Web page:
Elevators:  

Prosperous times bring in more elevators. Everyone rides them, provided they are up and working. As mentioned earlier, inside the elevator is the perfect place for any captive marketing initiatives. People at offices spend quite a considerable amount of time riding in elevators, usually looking at nothing but their shoes. An ad inside an elevator can be an effective communication tool to target a specific demographic.  

Public Rest Rooms: 

Sounds illogical, but to get sure shot results, can you think of a better place than rest rooms to place your print ads?Not really. That is why in western countries ads have started popping out in rest rooms more frequently than ever. However, the line between delivering the message and creating irritation must be maintained. 

Bus stands, and other places where we need to stand:  Whether you are out buying tickets for your favorite movie, or waiting for bus, standing in long queues is part and parcel of daily life. Here is another fact. People usually stand for a long time in queues, with nothing else to do but look around. While they are at it, they might as well look at some colorful, eye-catching ads. 

Using Existing Media Differently Are we using our existing media effectively?  

While the answer might differ, it is beyond doubt that there is room for changes. Even better, some innovative changes. Therefore parallel to using some innovative, never before used media (as discussed before), it is high time to channel our efforts to see how we can use our traditional media in a not-so-traditional way.  In a city that is growing upwards, billboards are everywhere. While there is nothing wrong with such high number of billboards in a growing economy, what is disturbing is the sheer similarity in the billboards. They all want attention. They are all square. And they all look same.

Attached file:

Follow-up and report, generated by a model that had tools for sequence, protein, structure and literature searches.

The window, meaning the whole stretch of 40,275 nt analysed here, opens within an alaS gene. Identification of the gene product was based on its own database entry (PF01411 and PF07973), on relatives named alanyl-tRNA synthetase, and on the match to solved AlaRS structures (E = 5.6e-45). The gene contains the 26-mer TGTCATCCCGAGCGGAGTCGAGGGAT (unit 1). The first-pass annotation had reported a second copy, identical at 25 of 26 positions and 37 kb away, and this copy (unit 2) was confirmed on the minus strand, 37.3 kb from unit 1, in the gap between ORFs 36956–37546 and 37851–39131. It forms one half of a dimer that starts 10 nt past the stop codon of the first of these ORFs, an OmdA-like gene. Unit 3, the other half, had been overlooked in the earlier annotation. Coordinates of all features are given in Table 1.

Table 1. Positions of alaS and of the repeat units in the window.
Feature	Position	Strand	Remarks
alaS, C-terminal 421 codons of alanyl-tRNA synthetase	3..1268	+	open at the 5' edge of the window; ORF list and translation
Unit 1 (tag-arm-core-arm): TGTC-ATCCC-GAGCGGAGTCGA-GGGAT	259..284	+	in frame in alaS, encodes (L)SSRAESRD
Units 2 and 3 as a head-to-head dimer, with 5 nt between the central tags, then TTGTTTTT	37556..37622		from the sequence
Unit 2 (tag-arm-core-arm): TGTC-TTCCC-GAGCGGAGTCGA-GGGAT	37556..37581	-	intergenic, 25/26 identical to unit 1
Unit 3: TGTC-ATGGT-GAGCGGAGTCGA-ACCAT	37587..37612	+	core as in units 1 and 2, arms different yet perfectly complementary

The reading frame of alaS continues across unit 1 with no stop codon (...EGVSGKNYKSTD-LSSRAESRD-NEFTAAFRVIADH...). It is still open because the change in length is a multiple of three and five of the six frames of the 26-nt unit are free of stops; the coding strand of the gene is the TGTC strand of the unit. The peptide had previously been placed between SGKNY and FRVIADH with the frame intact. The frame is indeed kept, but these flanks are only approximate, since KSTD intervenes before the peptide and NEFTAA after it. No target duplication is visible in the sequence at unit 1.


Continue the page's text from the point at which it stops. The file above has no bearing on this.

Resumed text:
None said billboards cannot have different shapes – round, jagged, split. Such innovation in shapes will not only draw attention, but also deliver the core message. A few years back Nestle
Bangladesh was involved in such a campaign with their KitKat brand. At that time KitKat’s slogan was “Have a Break…Have a KitKat”. To drive this message, KitKat used a swing which was attached with the billboard. The message was simple. People associate swing with leisure time. Therefore by using a simple swing, the association between “Break” and “KitKat” was shown in a very simple yet innovative way. Such innovation should be endorsed more often. Living in the Internet age, it is hard to escape its influence as a media. Internet usage in
Bangladesh is very low to consider it as a major media. That’s a fact. But where we failed to read between the facts is that it will grow massive later, if not sooner. And there arew signs everywhere. Chatting is big in our country. But we have yet to see any brands make effective use of this growing trend. BDJOBS.com probably has more audience than a popular drama in prime time. But cost per exposure in this website is next to nothing compared to that of mass media.  

Such examples are handful. But there are signs that Internet in this country is ready to spread hands and take off.  Internet usage is low and growing. For everyone else, that means Internet is not a major player in the media spectrum. For intelligent marketers, that means to get ready to exploit this monolith as it wakes up and takes shape.  Music videos and infomercials are powerful vehicles that can be used in electronic medium. They can be worthy replacements of the monotonous 30 second TV ads. After the airing of the first music video in MTV in 1981, it forever changed the landscape of entertainment. In
Bangladesh, Nescafe created some all important hype around its brand by launching one of its campaigns with a Music Video. And who can possibly forget the unforgettable SMC Oral Salines infomercials using Sadek Ali & other characters from popular drama “Ey Shob Din Ratry”. The whole nation went “Ghuta Ghuta” with the famous catch-phrase that Sadek Ali used in the infomercials.  

Pay attention or pay your dues The media landscape is in dire need of such creative sparks.